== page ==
Local Community Extraction in Social Network Analysis

Local Community Extraction in Social Network Analysis

Xianchao Zhang (Dalian University of Technology, China), Liang Wang (Dalian University of Technology, China), Yueting Li (Dalian University of Technology, China) and Wenxin Liang (Dalian University of Technology, China)
Copyright: © 2013 |Pages: 10
DOI: 10.4018/978-1-4666-2806-9.ch011
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To identify global community structures in networks is a great challenge that requires complete information of graphs, which is infeasible for some large networks, e.g. large social networks. Recently, local algorithms have been proposed to extract communities for social networks in nearly linear time, which only require a small part of the graphs. In local community extraction, the community extracting assignments are only done for a certain subset of vertices, i.e., identifying one community at a time. Typically, local community detecting techniques randomly start from a vertex and gradually merge neighboring vertices one-at-a-time by optimizing a measure metric. In this chapter, plenty of popular methods are presented that are designed to obtain a local community for a given graph.
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Community structure is one of the most relevant features of social networks, and with the growth of interest in the study of social networks, great efforts have been made on the area of community detection.

Popularly, a community is a tightly knit sub-graph in a network, in which the within-group links are stronger or denser than between-group links (Wasserman, 1994). Directly optimizing the density inside or the sparseness outside, a number of algorithms have been proposed (Gibson, 1998; Newman, 2004a; Andersen, 2008a; Sharan, 2009), which work well in special cases. Similarly, several approaches come forth based on the concept of flow (Flake, 2000; Flake, 2002; Khandekar, 2009). Recently, researchers have been focusing on algorithms based on the modularity metric (Newman, 2004b; Neman, 2006).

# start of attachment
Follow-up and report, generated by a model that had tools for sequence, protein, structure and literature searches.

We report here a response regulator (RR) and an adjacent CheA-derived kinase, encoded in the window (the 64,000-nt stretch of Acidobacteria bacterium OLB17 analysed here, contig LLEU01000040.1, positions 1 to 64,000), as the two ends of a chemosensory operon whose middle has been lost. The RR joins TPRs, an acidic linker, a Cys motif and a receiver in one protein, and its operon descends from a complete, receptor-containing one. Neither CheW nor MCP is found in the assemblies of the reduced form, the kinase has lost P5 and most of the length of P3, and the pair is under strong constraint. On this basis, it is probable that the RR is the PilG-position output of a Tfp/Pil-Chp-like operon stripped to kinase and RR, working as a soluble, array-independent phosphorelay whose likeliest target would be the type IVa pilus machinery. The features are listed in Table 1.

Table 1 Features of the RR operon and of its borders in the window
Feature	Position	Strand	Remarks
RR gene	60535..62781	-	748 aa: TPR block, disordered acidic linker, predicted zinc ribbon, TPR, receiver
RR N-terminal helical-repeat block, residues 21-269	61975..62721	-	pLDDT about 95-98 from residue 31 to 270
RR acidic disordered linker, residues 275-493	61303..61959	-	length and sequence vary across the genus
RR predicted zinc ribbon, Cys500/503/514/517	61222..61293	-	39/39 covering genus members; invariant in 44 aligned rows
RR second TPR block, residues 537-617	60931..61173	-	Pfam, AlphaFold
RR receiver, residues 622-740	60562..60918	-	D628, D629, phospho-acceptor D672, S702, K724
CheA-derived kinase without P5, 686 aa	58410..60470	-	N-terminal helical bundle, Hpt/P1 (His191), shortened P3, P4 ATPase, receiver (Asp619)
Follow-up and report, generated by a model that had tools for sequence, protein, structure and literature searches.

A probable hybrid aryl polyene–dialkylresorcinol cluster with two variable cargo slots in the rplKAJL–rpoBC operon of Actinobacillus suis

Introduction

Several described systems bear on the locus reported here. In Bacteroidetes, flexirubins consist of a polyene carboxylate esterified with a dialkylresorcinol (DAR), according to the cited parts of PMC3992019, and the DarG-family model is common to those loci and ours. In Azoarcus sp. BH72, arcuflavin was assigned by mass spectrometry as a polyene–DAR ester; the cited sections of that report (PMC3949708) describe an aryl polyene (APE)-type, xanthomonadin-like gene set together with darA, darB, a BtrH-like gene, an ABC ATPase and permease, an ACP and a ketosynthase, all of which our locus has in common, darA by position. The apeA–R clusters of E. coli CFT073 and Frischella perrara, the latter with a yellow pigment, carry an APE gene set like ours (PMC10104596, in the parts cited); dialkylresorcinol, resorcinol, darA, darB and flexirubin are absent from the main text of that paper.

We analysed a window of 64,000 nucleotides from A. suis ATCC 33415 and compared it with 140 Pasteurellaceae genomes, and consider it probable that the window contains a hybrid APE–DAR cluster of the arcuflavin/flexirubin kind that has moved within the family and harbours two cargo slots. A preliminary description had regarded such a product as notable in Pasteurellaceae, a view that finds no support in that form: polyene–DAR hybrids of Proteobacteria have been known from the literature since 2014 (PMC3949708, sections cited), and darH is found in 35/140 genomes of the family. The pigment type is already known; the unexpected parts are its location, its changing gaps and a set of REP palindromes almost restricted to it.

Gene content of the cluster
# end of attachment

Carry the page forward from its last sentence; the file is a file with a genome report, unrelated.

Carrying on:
However, these techniques require information of the whole graphs, which might be problematic for large graphs, as the constraint of running time and memory consumption. To overcome the limitation, local community detecting methods emerged, which only need a small subset of vertices instead of the whole graphs.

In general, local community extraction techniques need a seed vertex to create the initial community structure, and then gradually merge neighboring vertices one-at-a-time by optimizing a fitness function. Computing the desired answer by a clustering algorithm for many applications only requires a small subset of vertices to be clustered instead of the whole graph. The process takes time polynomial in 978-1-4666-2806-9.ch011.m02 (the size of extracted community), which is independent to the size of the whole graph. For these two characteristics, local clustering technique is able to extract community structure of huge scale networks. To extract the entire input graph, we can iteratively run the local method, which may be simultaneously obtained by parallel computation.

In this chapter, we will first define the locality for local clustering. Then some famous fitness functions are illustrated, followed with local clustering algorithms presentation.


Definition Of Locality

In order to distinguish local computation from global computation, we must define what information about an input graph we consider to be locally available. Given a single vertex 978-1-4666-2806-9.ch011.m05, it is assumed that at least the adjacency list containing the identifiers of vertices in 978-1-4666-2806-9.ch011.m06 are known.

For a wider definition, it also allows direct access from a vertex 978-1-4666-2806-9.ch011.m07 to its second neighbors:


Optionally we can allow knowledge of the degrees of the vertices in 978-1-4666-2806-9.ch011.m09.

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